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General Blending > Fermentation

Fermentation is a natural process which transforms matter through the use of bacteria (for example, transforming sugar into alcohol). This method is used to industrially produce substances such as vitamins.

Fermentation processes may occur anaerobically (without air) or aerobically (with air injection).

Anaerobic processes do not require specific agitation, due to the absence of contamination at the shaft sealing.

Aerobic processes require a particular form of agitation, as the bacteria must be fed with air and nutrients. They release waste to be neutralized and CO2, and produce heat for extraction.

The most important step in the process is the dispersion of air, creating fine bubbles that provide a large interfacial area of exchange with the liquid.

The bubbles coalesce at different rates depending upon the nature of the medium, and rise to the surface with a weak gas-liquid exchange.

Finally, the homogenization is disrupted by the presence of gas by modifying the apparent viscosity and density.
Agitation should allow for good dispersion of the gas mixture throughout the bulk.

Gas dispersion is created by a turbine with radial blades, assisted by a disk (in a design similar to the Rushton variety of turbines) for retaining the gas. Its sizing is not standardized as it is determined by the shear rate of the bubbles and excessive gas flooding of the turbine.

Homogenization is carried out by a methodical axial flow using propellers, as proper distribution of nutrients and correction of ammonia pH are essential to the process.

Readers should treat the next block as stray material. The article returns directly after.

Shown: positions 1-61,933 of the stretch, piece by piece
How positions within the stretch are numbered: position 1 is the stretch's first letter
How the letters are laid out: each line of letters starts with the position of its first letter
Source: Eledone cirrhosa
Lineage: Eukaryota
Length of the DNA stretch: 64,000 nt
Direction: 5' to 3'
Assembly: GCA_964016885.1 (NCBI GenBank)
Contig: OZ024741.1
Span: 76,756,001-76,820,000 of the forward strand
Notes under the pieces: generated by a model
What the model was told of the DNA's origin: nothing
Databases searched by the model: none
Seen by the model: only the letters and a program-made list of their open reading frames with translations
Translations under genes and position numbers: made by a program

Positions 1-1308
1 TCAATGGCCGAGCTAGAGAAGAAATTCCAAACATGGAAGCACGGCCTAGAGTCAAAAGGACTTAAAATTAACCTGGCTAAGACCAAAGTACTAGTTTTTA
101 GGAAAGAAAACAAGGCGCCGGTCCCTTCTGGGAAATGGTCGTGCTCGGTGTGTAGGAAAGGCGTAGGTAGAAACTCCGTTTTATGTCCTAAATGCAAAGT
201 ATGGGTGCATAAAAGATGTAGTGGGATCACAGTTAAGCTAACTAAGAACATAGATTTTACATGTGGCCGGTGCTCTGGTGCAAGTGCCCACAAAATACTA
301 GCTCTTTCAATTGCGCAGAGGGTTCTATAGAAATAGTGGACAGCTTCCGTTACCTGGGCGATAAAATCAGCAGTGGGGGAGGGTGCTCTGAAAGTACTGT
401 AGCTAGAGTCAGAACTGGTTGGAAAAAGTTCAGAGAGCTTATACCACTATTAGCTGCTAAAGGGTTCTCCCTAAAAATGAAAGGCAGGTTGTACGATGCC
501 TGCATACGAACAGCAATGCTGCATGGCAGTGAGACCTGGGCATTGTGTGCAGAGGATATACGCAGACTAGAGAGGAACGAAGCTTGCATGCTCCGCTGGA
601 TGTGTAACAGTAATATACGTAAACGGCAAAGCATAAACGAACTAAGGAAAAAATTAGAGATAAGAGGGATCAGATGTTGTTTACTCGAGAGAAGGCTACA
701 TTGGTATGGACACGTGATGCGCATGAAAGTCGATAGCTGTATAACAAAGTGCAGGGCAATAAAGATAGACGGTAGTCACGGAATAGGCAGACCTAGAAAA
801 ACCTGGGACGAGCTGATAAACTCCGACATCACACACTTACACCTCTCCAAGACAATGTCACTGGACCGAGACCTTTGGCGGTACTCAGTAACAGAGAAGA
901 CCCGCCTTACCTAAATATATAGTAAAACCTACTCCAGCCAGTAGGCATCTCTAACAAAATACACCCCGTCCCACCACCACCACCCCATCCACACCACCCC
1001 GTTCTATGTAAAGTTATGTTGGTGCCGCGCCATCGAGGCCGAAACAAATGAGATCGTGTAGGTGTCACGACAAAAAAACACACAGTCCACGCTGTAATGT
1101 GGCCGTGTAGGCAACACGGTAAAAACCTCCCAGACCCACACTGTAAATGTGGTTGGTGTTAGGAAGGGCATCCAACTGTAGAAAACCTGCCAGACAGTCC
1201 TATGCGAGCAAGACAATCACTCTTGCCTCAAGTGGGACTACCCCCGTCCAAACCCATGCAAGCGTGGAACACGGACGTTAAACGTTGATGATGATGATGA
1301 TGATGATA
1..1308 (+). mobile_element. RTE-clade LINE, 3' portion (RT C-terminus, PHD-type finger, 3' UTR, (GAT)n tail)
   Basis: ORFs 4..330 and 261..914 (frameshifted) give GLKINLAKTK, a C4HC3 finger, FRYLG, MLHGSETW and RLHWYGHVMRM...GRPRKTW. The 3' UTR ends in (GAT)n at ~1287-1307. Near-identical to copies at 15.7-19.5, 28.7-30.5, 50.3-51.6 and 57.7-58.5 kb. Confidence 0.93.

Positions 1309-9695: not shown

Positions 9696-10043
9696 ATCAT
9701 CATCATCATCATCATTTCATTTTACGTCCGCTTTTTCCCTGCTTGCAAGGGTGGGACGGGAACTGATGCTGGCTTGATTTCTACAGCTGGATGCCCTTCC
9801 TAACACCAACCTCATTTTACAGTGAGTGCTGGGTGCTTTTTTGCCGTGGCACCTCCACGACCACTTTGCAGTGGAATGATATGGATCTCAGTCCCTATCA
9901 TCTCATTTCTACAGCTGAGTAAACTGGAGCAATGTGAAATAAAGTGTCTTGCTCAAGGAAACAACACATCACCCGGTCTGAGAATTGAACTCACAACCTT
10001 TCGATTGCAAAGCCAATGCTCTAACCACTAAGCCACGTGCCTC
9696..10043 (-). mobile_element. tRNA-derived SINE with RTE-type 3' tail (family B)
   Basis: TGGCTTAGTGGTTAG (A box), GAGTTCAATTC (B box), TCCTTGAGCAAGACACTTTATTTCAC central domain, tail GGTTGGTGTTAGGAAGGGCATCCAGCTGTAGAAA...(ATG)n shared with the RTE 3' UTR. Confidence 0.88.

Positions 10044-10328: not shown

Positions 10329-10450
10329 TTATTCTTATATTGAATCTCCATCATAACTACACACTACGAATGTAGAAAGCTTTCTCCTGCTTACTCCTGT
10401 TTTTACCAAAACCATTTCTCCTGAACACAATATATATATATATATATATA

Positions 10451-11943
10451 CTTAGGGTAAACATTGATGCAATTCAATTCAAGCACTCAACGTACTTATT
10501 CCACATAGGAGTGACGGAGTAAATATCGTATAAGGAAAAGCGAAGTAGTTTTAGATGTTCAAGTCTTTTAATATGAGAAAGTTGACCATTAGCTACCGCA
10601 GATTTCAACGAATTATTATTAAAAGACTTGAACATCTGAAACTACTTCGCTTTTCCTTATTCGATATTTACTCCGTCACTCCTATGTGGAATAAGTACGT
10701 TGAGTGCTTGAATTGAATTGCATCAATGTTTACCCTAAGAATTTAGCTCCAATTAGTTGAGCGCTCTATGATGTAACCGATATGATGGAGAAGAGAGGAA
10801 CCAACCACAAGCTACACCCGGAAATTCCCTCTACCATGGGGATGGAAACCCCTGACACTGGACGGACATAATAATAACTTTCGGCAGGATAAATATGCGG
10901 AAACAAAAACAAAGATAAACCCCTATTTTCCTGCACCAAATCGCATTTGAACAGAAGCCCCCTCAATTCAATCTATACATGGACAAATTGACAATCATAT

The tanks are normally tall in proportion to their width, and several propellers are needed to ensure a homogeneous distribution of additives and air.

Milton Roy Mixing has developed a series of turbines dedicated to dispersion of gas. If the Rushton form of turbine—one equipped with a disk—is used, the characteristics of blades (such as number or height) are not suitable for modern methods of fermentation, where oxygen demand is crucial.

Accurate sizing often requires assessment of oxygen transfer (Kla), power (kW/m3), and gas flow. Determining which turbine is most appropriate for the application requires more parameters than diameter and rotation speed.

Milton Roy Mixing offers the right turbine to meet the three parameters listed above, regardless of values. We have the ability to vary geometric parameters such as width and number of blades.

This flexible solution is not limited by the size of the bioreactor. Dozens of blades are an available option if circumstances require them, and scaling down to pilot fermenters is simple.


Equipment used

VDA

VDA mixers are direct driven mixers at 1500 rpmn.

VDA
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VRH

VRH mixers are suitable for a lot of applications as: Water treatment: Homogenization, additive preparation, sludge suspension, flash mixing … ● And applications as Chemical Ind., consumable product (paint,ink,detergent...) and additive preparation in any Ind. For operations as: -dissolution -heat transfer -solid suspension -storage -...

VRH
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VRP

Applications of VRP agitators include the blending of liquids as additives in water or oil, keeping solids such as lime in suspension, dissolving powders such as salts, heating liquids before reaction, cooling the bulk before conditioning, neutralization of waste, and additive makeup.

VRP
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FRH

Applications of FRH agitators include flocculation process in water treatment for potable water (such as treatment of waste water), or any agitation operation requiring low rotation speed.

FRH
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